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We Wish You a Jubilant Juneteenth

We Wish You a Jubilant Juneteenth

“For to be free is not merely to cast off one’s chains, but to live in a way that respects and enhances the freedom of others.”

–Nelson Mandella

A What is this Juneteenth and what does it mean?

The name is a descriptive contraction of June nineteenth, a significant day in this country’s history. It is the first of three days from June 19 through July 8 celebrating a Season of Freedom.

Juneteenth, Jubilee Day or “Freedom Day,” is one of the oldest commemorations of the ending of slavery in the United States. Its origin lies deep in the heart of Texas.

It was on June 19, 1865, that Major General Gordon Granger led a company of Union soldiers to Galveston, Texas, to announce publicly that the war was over and that all enslaved persons were to be freed.  This was certainly a cause for celebration.

What is particularly significant about the day and the year is that President Abraham Lincoln had signed the Emancipation Proclamation on January 1, 1863, two and a half years before.

Why did it take so long for the news to get to Texas?

There were a limited number of Union troops to enforce the proclamation, and there were still crops to be harvested and money to be made from those crops. So there was little incentive for landowners to set free an uncompensated labor force.

Often called “America’s second Independence Day,” Juneteenth in Texas and other parts of the American South was celebrated as a time to re-unite with family members who had been separated as a result of war or enslavement, with many formerly enslaved and their descendants making pilgrimages back to Galveston on June 19.

But it was not until January 1, 1980, that Juneteenth became an official state holiday in Texas through the efforts of Al Edwards, an African American state legislator. The successful passage of the bill marked Juneteenth as the first emancipation celebration granted official state recognition. Subsequently Edwards actively sought to spread the observance of Juneteenth across the country.

Becoming a federal holiday…

In 1996 the first legislation to recognize “Juneteenth Independence Day” was introduced in the U.S. House of Representatives by Barbara Rose Collins (D-MI). In 1997 Congress recognized the day through a Joint Resolution.  In 2013 the U.S. Senate passed a resolution acknowledging Lula Briggs Galloway, the late president of the National Association of Juneteenth Lineage, who successfully worked to bring national recognition to Juneteenth Independence Day.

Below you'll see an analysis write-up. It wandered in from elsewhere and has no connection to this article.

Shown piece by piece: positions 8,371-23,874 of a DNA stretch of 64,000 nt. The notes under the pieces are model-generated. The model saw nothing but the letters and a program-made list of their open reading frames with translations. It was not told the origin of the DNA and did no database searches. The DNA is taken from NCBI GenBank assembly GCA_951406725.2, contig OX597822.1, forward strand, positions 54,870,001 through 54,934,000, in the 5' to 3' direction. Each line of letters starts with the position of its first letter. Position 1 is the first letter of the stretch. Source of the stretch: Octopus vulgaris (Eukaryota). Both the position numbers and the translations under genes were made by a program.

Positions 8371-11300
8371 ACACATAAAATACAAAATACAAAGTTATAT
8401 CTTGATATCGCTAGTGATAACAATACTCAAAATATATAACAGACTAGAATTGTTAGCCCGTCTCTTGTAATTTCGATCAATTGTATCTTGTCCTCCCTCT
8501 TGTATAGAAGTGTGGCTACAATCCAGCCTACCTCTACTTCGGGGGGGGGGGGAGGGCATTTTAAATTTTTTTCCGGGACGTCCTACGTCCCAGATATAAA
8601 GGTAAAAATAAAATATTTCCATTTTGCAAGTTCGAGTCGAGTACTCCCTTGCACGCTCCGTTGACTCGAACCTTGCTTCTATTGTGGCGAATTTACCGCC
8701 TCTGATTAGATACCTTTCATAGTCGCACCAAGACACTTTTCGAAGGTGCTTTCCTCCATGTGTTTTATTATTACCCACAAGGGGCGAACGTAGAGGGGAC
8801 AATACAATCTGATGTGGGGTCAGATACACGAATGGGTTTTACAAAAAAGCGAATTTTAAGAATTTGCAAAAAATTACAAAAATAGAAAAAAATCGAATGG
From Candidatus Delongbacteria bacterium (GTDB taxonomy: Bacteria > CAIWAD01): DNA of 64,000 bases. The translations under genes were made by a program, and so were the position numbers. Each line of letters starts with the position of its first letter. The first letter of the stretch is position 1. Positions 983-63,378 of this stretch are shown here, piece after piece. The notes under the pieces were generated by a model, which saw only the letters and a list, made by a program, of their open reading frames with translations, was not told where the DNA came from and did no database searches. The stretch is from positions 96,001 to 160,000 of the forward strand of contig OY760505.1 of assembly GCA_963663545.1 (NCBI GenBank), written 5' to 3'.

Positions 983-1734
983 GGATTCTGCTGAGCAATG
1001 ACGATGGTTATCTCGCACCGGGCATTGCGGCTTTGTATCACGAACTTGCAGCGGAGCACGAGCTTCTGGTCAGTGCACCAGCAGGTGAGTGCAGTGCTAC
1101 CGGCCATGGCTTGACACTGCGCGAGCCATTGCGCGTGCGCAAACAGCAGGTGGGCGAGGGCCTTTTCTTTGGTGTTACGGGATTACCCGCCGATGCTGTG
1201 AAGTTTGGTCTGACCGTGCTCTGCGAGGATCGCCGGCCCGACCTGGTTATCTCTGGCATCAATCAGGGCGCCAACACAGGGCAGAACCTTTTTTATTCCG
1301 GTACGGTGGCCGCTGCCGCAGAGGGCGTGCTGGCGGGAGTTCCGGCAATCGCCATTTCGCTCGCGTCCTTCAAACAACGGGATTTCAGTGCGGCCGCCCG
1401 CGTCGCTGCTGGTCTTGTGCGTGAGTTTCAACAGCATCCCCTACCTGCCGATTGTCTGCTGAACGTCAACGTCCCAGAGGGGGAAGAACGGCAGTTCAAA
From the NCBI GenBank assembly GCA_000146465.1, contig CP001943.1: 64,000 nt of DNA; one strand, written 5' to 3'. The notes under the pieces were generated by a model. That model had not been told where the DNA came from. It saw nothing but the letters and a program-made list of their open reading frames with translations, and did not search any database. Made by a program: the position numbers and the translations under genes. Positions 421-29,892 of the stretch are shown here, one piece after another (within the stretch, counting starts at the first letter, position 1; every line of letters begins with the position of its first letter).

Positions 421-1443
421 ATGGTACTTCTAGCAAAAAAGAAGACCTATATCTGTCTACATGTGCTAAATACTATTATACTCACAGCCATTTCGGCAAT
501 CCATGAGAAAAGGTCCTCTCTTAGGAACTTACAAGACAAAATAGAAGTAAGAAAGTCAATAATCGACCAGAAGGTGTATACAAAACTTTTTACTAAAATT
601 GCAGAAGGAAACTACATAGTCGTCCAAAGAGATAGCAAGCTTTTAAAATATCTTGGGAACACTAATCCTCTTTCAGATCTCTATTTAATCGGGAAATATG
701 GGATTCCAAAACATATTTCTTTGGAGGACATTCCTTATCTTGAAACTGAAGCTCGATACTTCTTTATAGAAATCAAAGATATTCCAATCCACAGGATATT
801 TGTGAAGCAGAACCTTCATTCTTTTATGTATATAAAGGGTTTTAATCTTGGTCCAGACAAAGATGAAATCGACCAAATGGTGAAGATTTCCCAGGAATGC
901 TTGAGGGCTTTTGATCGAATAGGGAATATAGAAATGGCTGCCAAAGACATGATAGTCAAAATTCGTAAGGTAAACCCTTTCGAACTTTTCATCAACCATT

In 2016, at the age of 89, Opal Lee, a former teacher and lifelong activist, made national headlines by walking 1400 miles from her home in Fort Worth, Texas, to Washington DC to get Juneteenth recognized as a national holiday.

Five years later, on June 15, 2021, a bill introduced by Massachusetts Senator Edward Markey which garnered bi-partisan support was approved by the Senate making Juneteenth a legal holiday. Then, with Opal Lee by his side, President Joe Biden signed the bill into federal law.

Prior to that, at the local level, in 1984 the Boston City Council passed a resolution to recognize June 14 – June 23 as Juneteenth Week that year.

It would take until July 24, 2020, for Juneteenth to become a state holiday when Governor Charlie Baker signed it into law, “establishing Juneteenth Independence Day as an annual state holiday on June 19 in order to recognize the continued need to ensure racial freedom and equality.”

Traditional foods eaten on Juneteenth include strawberries, barbecue and red velvet cake – all things red.

On July 4, we will celebrate America’s freedom from British rule.  Then, on July 8, Massachusetts will honor Quock Walker, a formerly enslaved man who sued for his freedom and won in 1783.

Whichever, however, or wherever you celebrate any of these uniquely American holidays, think of the Season of Freedom from June 19 to July 4 to July 8 as a time to reflect on what freedom should mean for all Americans—and what we can all do to make it truly ring, loud and clear. 

Paula Paris is Deputy Director of JFYNetWorks    


Other posts authored by Paula can be found here.


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